Solidaridad Publishing House, 1974.
Kho, Madge. Chronology of Moro Resistance
Majul, Cesar A. Muslim in the Philippines, Quezon City: UP Press, 1973
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MORO TIMES, Manila Times, August, 2006

Orosa, Sixto Y. The Sulu Archipelago and Its People, NY: World Book Co., 1970
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Tregoning, K.B. A History of Modern Sabah, 1881-1963
Hurley, Vic. Swish of the Kris, 1997 http://www.bakbakan .comH.R.H. Sultan Jamal ul-Kiram I (1823-1844)


Corregidor has this tendency to surprise the student of its history, even now. All of us are well aware of the focus and significance which the world placed upon its defence, loss and retaking during World War II, but how many of us are aware of The Corregidor Massacre of 1968?
The what?

In the Philippine presidential election of 1965, the Nacionalista candidate, Ferdinand E. Marcos (1917-90), triumphed over Diosdado Macapagal. Marcos dominated the political scene for the next two decades, first as an elected president in 1965 and 1969, and then after his 1972 proclamation of martial law, as a virtual dictator. He had claimed to have served in the Battle of Bataan and later to have led a guerrilla unit, the Maharlikas. Like many other aspects of his life, Marcos's war record came under scrutiny during the last years of his presidency. His stories of wartime gallantry, inflated by the pro-Marcos media virtually into a personality cult during his years in power, have been comprehensively debunked.

Under Marcos, the Philippines became one of the founding members of the Association of Southeast Asian Nations (ASEAN), established in 1967. Although on the surface, Marcos spruiked regional stability, disputes with fellow ASEAN member Malaysia over Sabah in northeast Borneo, however, continued under the cover of plausible diplomatic deniability.

What disputes?

Historically, the Bangsamoro people had settled the geographical areas we now describe politically as Mindanao and Sabah. How they lost their land of origin to foreign governments is a peculiarly interesting saga of statecraft, with all its attendant aspects of greed, power and colonialism. It is also a story of Oil. I will avoid those issues here, for the direct relevance is that Sabah was the intended prize, and Corregidor simply a means to that end.

Following the eviction of the Japanese and the departure of the formal American influence, the Philippine government had re-established primacy over the Bangsamoro settled areas of Mindanao, Basilan, Sulu, Tawi-Tawi and Palawan islands on July 4, 1946. During the administration of President Diosdado Macapagal in the early 1960s, the Philippines began again to look towards re-establishing by diplomatic maneuver a more direct control over Sabah’s wealth.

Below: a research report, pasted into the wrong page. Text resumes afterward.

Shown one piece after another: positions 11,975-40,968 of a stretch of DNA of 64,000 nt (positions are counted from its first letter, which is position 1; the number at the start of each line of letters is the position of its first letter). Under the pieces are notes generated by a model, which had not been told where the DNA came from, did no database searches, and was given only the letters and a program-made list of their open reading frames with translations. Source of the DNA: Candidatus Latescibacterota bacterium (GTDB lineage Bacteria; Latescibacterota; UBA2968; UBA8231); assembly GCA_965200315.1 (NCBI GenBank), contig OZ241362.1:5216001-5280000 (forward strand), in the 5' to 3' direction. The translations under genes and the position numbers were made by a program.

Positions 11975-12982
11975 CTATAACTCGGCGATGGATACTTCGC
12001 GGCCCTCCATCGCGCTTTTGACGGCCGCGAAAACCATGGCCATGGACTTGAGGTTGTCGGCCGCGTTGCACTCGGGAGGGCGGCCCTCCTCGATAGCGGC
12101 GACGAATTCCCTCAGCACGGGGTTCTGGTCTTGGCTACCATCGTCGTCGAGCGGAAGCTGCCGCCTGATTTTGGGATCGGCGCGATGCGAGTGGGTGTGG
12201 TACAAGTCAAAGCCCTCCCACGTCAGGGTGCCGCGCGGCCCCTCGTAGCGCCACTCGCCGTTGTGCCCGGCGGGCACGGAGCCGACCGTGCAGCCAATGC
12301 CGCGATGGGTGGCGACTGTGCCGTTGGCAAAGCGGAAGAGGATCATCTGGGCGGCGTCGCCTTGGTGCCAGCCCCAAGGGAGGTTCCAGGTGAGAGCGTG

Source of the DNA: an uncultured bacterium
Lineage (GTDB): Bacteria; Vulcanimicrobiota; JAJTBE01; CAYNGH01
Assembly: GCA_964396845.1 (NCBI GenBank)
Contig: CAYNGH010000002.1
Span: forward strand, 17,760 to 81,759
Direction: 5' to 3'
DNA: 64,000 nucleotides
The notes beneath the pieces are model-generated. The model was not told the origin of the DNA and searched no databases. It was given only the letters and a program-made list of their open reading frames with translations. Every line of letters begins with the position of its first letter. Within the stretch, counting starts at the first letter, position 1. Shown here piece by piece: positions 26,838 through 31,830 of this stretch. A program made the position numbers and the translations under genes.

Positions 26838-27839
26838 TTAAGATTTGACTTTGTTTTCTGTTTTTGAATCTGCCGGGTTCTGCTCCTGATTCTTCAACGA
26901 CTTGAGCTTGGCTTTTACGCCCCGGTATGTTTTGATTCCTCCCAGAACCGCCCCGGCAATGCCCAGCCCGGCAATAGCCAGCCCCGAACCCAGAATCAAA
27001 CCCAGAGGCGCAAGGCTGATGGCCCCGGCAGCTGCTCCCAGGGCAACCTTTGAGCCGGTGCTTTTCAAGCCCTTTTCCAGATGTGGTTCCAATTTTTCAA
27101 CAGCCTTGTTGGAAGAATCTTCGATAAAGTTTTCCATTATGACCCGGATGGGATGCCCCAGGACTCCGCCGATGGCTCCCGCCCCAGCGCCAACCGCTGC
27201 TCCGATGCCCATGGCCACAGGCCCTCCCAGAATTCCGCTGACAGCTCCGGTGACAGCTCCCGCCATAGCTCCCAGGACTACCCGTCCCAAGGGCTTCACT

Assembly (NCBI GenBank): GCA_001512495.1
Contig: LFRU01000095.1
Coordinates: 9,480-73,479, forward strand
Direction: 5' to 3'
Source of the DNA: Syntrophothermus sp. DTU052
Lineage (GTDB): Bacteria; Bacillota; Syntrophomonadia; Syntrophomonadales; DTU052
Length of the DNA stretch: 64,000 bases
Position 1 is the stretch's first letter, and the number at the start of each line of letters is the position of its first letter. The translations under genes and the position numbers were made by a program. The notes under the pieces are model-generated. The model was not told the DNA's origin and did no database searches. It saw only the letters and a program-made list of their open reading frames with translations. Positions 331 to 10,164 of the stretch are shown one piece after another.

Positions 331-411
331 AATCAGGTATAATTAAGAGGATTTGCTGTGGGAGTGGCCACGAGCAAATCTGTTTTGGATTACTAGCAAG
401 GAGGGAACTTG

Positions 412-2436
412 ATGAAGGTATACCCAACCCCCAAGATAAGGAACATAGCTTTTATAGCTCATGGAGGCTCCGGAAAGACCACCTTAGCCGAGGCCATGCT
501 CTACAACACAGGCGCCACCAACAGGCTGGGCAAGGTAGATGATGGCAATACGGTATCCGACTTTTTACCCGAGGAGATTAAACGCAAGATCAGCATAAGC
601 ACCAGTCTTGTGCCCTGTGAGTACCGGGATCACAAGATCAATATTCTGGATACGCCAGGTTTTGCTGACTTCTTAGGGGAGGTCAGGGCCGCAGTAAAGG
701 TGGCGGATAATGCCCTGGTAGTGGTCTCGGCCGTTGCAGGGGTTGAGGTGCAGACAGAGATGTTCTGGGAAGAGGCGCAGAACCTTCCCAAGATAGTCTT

The basis of the Philippine claim relied on the assertion of the heirs of the Sultan of Sulu (the Kirams) that the Sultan of Borneo had given Sabah to the Sultan of Sulu as a reward for helping quell a rebellion in Borneo. Suspicions abounded at that time that the Marcos Administration had wangled from the heirs of the Sultan of Sulu an agreement of sorts whereby Marcos would obtain part of resource-rich Sabah as "contingent fee."

Malaysia, naturally, vigorously opposed the claim, arguing that a certain Baron de Overbeck had "purchased" Sabah from the sultan of Sulu before later assigning his rights to the British East India Company. Malaysia further argued that Sabah had become part of Malaysian territory when Britain granted independence to the Federated States of Malaysia. The Philippines, by reply, argued a case of bad semantics, insisting that in 1876 de Overbeck had only "leased" Sabah from the Sultan of Sulu. The alleged contract between de Overbeck and the Sultan of Sulu used, they argued, the word padjak, a Malay term that could mean either "lease" or "purchase."

When Malaysia regained her independence from British colonial rule, it had colonized Sabah, continuing the payment of “rental” to the family of the Sultanate of Sulu. By the device of a referendum, it ultimately annexed Sabah in the early 1960’s. The integrity of the referendum was a matter of significant debate, for claims arose that Malaysia had stage-managed a semblance referendum, utilizing and bribing some Moro leaders from Sulu and Tawi-Tawi to represent the “political” interest of Sabah and Mindanao.

Parallel with diplomatic attempts, planners within the Philippine military associated with Marcos conceived a plot sometime in 1967 of establishing a force of commandos to destabilize Sabah, then ultimately to take advantage of the instability by either intervening in the island on the pretext of protecting Filipinos living there, or by "the residents themselves deciding to secede from Malaysia."